I've been maintaining this blog (for better or for worse) over the last eight years. Over these years, its natural evolution has led it into becoming something of a niche place for discussion of music in general and Qawwali in particular. Rather than trying to return my existing blog to its pre-Qawwali eclectic roots, I decided I’d start anew on Tumblr. So if you’re interested in music, Qawwali and subcontinental culture, keep reading/listening/watching/commenting here. For all of the above and everything else under the sun, head on over to my Tumblr page .

Sunday, October 26, 2014

...Of The Great Discoverer

My pop culture obsessions tend to ebb and flow. For weeks upon weeks I will become totally consumed by single season cult British comedies , binge watching them to distraction, poring over their minutiae and interacting with other fans. A week or two later you'll find me engrossed in the diaries of people I admire, leading me down further rabbit-holes of discovery. Other times, I will spend dozens upon dozens of days playing a game that is as demandingly difficult as it is amazingly engrossing. Or perhaps watching and rewatching films that would drive the average viewer to distraction. Paraphrasing Walt Whitman, I contain multitudes (of interests) and lack the ordinary person's ability to divide time amongst each, alternating instead between devotion of unholy amounts of time and attention to completely neglecting said interests for months on end. Each phase of obsession is usually accompanied by an urge to write, but more often than not, I don't follow through. This time however, in a bid to return my blog to its early days of fevered activity, I plan to follow through.

A long while ago, I wrote about (re)discovering Noor Jehan. Listening to selections from Madam's pre-partition career not only gave me an increased appreciation of her talents, it also introduced me to the wonderful history of Cinema in the subcontinent. Over time, with the help of wonderful resources like Dances on the Footpath and Memsaab Story, I learned more about the heady days of the '30s and '40s when Cinema was in its infancy. Unfortunately, most of the pre-partition films, including both talkies and silents, are either lost or unavailable for public viewing, but whatever survives is fascinating to say the least. What really interested me though, was the film music of the '30s and '40s. I wouldn't go so far as some purists who consider the 1940-1960 era the Golden era of Bollywood music (I would put it more at 1949-1969) because I think most of the classical based film music from that era hasn't dated well. The music that stands out in my opinion, is by a handful of music directors who broke away from the pure classical tradition, introduced folk/western influenced music in their films and managed to create the template for the film music of the next two decades.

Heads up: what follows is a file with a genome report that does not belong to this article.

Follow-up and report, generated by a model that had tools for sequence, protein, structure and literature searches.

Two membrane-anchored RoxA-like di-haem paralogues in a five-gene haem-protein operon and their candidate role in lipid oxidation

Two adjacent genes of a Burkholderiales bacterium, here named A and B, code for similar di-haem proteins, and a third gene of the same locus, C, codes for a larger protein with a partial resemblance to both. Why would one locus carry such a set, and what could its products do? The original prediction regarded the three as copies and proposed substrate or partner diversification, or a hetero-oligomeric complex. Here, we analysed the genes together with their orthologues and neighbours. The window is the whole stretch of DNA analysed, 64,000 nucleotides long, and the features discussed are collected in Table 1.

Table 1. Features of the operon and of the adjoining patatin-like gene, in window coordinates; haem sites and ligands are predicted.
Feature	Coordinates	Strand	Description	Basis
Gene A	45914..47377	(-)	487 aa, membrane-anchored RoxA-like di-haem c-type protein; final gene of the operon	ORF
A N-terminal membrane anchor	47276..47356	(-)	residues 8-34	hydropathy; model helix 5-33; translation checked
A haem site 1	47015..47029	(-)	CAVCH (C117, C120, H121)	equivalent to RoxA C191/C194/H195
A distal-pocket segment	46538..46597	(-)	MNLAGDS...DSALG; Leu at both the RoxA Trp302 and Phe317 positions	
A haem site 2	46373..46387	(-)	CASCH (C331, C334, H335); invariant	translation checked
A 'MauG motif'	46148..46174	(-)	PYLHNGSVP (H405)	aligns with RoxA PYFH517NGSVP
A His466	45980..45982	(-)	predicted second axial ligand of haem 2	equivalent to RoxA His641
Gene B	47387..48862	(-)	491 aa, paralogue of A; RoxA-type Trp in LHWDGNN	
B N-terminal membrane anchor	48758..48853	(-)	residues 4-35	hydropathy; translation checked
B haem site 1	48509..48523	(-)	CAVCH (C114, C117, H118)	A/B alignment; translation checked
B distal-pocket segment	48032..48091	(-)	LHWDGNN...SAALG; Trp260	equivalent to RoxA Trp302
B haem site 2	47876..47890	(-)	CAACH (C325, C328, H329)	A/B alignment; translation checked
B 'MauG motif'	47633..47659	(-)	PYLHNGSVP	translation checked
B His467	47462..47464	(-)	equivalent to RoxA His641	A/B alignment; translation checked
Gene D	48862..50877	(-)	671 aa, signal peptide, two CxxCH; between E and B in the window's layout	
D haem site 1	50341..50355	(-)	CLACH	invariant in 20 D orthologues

This post is about one such genius, who I unequivocally consider amongst the very finest music composers in the history of the subcontinent, Master Ghulam Haider. Even though an early death robbed him of a lengthy career, during his eighteen year association with the film industry, he almost single-handedly revolutionized film music. The effects of his innovations are still being felt and he was recognized as a pioneer and a "master", both in his lifetime and after his death, by the great music directors and singers of the subcontinent. The dust of time has settled on his accomplishments and his name is not as well known as most of his successors, but if I were to select only one reason to consider Master Sb one of the giants of music, it would be this; he discovered and nurtured four of the greatest and most iconic voices of the subcontinent.

A brief biographical sketch of Master Ghulam Haider's life would be; Born in Hyderabad (Sind) 1908, Died Lahore (Pakistan) 1953. First film as music director - "Swarg Ki Seerhi" (1935) , Final film as music director - "Gulnaar" (1953). Married famous radio/Gramophone singer Umrao Zia Begum (1935). A single post on Master Sb's career highlights would be too vast an undertaking. I will limit myself to the four artists who started their film careers under Master Ghulam Haider's baton.

In 1939, "Pancholi Art Pictures" Lahore released a low budget Punjabi film, "Gul Bakaavli". The star was thirteen year old child star "Baby Noor Jehan". Under Master Ghulam Haider's direction, Noor Jehan recorded her very first songs, achieving instant fame amongst the Punjabi audiences. Noor Jehan's first song, and the film's enduring hit was "Shaala Jawaaniyan Maan'en".



This was both Master Ghulam Haider and Noor Jehan's big break, and it is a testament to both that the song retains its freshness to this day. In stark contrast to the prevalent music of the day, this song had a prominent 'dholak' beat, a wonderfully free-flowing instrumentation with liberal use of western instruments, including a wonderful clarinet. This was to set the tone for further Noor Jehan-Ghulam Haider collaborations, including 1941's superhit Pancholi Art Pictures' Punjabi film "Chaudhry", which included this wonderful duet featuring Noor Jehan and Master Ghulam Haider himself, "Bus Bus Ve Dholna"